Monday, June 09, 2008

Australian schools encouraging childhood obesity

Lack of exercise is a major factor in weight gain and kids are being denied their normal activities

TRADITIONAL playground games such as kick-to-kick footy, chasey, hopscotch and even marbles are being banned in schools across Victoria. Games using tennis balls and running on school property have been axed and some schools have prohibited footy, cricket, soccer and netball during lunch breaks. The increasing number of bans on games are because of a fear of injury and subsequent litigation from parents. But parents groups, education experts and some teachers have hit back, saying play is a vital part of a child's development. A Sunday Herald Sun survey of schools found:

CARLTON Gardens Primary School has banned cricket bats and removed its monkey bars and climbing equipment.

ST MICHAEL'S Primary School in North Melbourne has banned children playing football and soccer in the schoolyard.

ASCOT Vale West Primary School has banned games deemed "too rough".

ST PETER Chanel Primary School in Deer Park has outlawed tackling in football and soccer to avoid injuries.

Melbourne University researcher Dr June Factor said a primary school banned marbles because of "arguments". "But for goodness sake how do children learn to resolve arguments if they don't have any?" she said. Dr Factor said the perception parents would threaten litigation if a child was hurt wasn't based on fact. "There have been very few such cases in Victoria," she said. Victorian Principals Association president Fred Ackerman said playgrounds had become more restrictive as parents and teachers had become more anxious and over-protective.

A school not opting for the draconian approach to play is Preston West Primary School. Principal Mark Ross said play was "part of a child's normal development". "As long as there is no safety issue, we encourage kids to engage in play," he said. [Goodbye to football, then, I guess]

A spokeswoman for the Department of Education and Early Childhood said: "This is a school-by-school decision and we encourage all students to be active and healthy."


Alcohol and arthritis

We see below a rather pleasing degree of caution about the findings. It does at least seem clear that moderate alcohol drinking is not bad for your joints

A regular tipple cuts the risk of developing rheumatoid arthritis by up to half, Swedish research suggests. The Karolinska Institute assessed 2,750 people in two studies, Annals of the Rheumatic Diseases reports. The risk was up to 50% lower for those who drank the equivalent of five glasses of wine a week compared with those who drank the least, they found. However, arthritis experts warned that drinking too much alcohol increased the risk of a range of health problems.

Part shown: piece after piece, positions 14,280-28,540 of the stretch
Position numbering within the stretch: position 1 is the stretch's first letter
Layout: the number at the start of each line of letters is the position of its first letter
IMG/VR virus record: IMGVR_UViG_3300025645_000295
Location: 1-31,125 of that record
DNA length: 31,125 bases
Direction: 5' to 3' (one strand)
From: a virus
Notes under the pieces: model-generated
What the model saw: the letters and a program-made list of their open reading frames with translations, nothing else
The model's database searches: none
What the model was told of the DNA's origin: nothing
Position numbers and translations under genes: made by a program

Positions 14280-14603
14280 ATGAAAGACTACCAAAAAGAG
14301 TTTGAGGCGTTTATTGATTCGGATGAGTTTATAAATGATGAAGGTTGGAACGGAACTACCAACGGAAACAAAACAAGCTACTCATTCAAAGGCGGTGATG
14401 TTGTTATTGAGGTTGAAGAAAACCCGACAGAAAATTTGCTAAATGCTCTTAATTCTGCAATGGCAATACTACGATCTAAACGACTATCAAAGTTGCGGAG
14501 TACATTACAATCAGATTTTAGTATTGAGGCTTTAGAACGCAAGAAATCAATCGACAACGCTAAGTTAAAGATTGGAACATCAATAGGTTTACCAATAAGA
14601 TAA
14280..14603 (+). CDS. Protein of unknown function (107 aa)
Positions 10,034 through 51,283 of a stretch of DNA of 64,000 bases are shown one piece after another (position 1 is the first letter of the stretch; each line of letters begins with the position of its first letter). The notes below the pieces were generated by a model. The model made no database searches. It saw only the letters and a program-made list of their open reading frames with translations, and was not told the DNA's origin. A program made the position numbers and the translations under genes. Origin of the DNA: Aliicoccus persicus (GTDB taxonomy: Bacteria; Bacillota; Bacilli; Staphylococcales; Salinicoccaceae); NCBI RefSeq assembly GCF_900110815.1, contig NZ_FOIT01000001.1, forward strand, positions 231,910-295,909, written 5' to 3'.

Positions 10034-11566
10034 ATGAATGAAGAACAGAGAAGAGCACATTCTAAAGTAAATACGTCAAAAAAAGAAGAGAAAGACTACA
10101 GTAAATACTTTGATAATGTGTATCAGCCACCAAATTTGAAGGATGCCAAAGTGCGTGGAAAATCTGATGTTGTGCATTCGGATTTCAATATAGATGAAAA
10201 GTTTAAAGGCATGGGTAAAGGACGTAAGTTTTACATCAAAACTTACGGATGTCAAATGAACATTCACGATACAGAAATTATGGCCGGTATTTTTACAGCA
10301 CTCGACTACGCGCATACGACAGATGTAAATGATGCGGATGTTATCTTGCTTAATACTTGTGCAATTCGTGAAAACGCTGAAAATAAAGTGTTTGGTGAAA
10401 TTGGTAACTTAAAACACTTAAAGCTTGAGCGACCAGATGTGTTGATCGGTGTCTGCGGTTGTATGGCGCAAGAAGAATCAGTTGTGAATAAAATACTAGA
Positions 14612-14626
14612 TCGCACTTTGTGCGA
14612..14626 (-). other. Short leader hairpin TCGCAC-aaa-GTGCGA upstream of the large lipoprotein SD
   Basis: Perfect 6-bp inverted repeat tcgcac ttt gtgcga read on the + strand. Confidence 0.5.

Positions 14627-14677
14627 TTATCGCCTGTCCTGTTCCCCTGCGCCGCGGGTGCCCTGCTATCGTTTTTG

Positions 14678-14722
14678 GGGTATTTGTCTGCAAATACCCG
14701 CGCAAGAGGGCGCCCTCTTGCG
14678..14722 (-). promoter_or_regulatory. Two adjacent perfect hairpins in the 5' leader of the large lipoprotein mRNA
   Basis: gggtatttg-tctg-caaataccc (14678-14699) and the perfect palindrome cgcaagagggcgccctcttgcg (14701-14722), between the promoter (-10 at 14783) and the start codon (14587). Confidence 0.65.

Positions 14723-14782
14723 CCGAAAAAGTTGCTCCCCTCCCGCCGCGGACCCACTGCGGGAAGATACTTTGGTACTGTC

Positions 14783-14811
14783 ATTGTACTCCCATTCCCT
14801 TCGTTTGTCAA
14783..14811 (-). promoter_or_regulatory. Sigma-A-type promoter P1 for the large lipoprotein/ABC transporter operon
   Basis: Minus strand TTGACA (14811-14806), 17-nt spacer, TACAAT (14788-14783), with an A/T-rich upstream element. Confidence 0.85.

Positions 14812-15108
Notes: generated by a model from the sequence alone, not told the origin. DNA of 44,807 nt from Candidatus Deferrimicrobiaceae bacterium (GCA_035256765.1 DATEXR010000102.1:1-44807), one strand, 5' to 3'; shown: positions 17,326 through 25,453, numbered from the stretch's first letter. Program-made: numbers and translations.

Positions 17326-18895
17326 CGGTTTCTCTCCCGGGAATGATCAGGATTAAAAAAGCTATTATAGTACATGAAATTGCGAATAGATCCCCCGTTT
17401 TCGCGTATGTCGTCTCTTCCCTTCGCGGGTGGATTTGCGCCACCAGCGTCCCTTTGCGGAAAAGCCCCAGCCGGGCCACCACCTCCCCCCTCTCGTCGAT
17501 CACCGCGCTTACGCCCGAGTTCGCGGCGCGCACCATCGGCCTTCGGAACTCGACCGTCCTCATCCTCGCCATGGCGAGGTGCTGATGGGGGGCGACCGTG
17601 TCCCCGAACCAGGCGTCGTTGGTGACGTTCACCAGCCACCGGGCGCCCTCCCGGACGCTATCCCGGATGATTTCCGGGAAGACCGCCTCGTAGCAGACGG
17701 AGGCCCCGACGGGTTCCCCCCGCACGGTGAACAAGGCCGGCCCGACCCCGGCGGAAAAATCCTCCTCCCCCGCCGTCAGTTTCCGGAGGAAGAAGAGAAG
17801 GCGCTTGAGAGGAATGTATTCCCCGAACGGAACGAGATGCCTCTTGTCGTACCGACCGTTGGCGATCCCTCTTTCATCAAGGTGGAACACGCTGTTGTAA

Rheumatoid arthritis - an auto-immune disease caused by a malfunctioning immune system - is a condition which results in tender, stiff and swollen joints. It affects 400,000 people in the UK.

The two separate studies assessed environmental and genetic risk factors for rheumatoid arthritis. Participants were quizzed about their lifestyle, including how much they smoked and drank, while blood samples were taken to check for genetic risk factors.

Researcher Dr Henrik Kallberg stressed the most important finding of the study was that smoking was a very significant risk factor for rheumatoid arthritis, reinforcing findings from previous studies. However, he added: "In addition, it is important to know that moderate alcohol consumption is not deleterious and may in some contexts be beneficial concerning risk for future onset of rheumatoid arthritis."

There are known to be links between moderate alcohol consumption and a reduced risk of other inflammatory processes, such as cardiovascular disease. However, the reason for this is still unclear.

Professor Robert Moots, from the Arthritis Research Campaign, said it was possible that drinking alcohol may have a protective effect against rheumatoid arthritis. But he said the study was not conclusive and any protective effect was not properly understood. He said: "There is no doubt that drinking too much is very bad for our health in many ways and these risks by far outweigh any potential benefit for reducing the risk of rheumatoid arthritis, which this study points to, without being conclusive. "We must also remember that drinking alcohol in excess can be especially dangerous in patients taking some anti-rheumatoid drugs that may cause liver damage. "There are many modifiable lifestyle risk factors for developing rheumatoid arthritis and, as this study also points out, smoking is by far the greatest."

A spokesman for Arthritis Care said: "It's too early to say what these findings may mean, so people with rheumatoid arthritis should continue to work in partnership with their health professionals to address their specific health needs."


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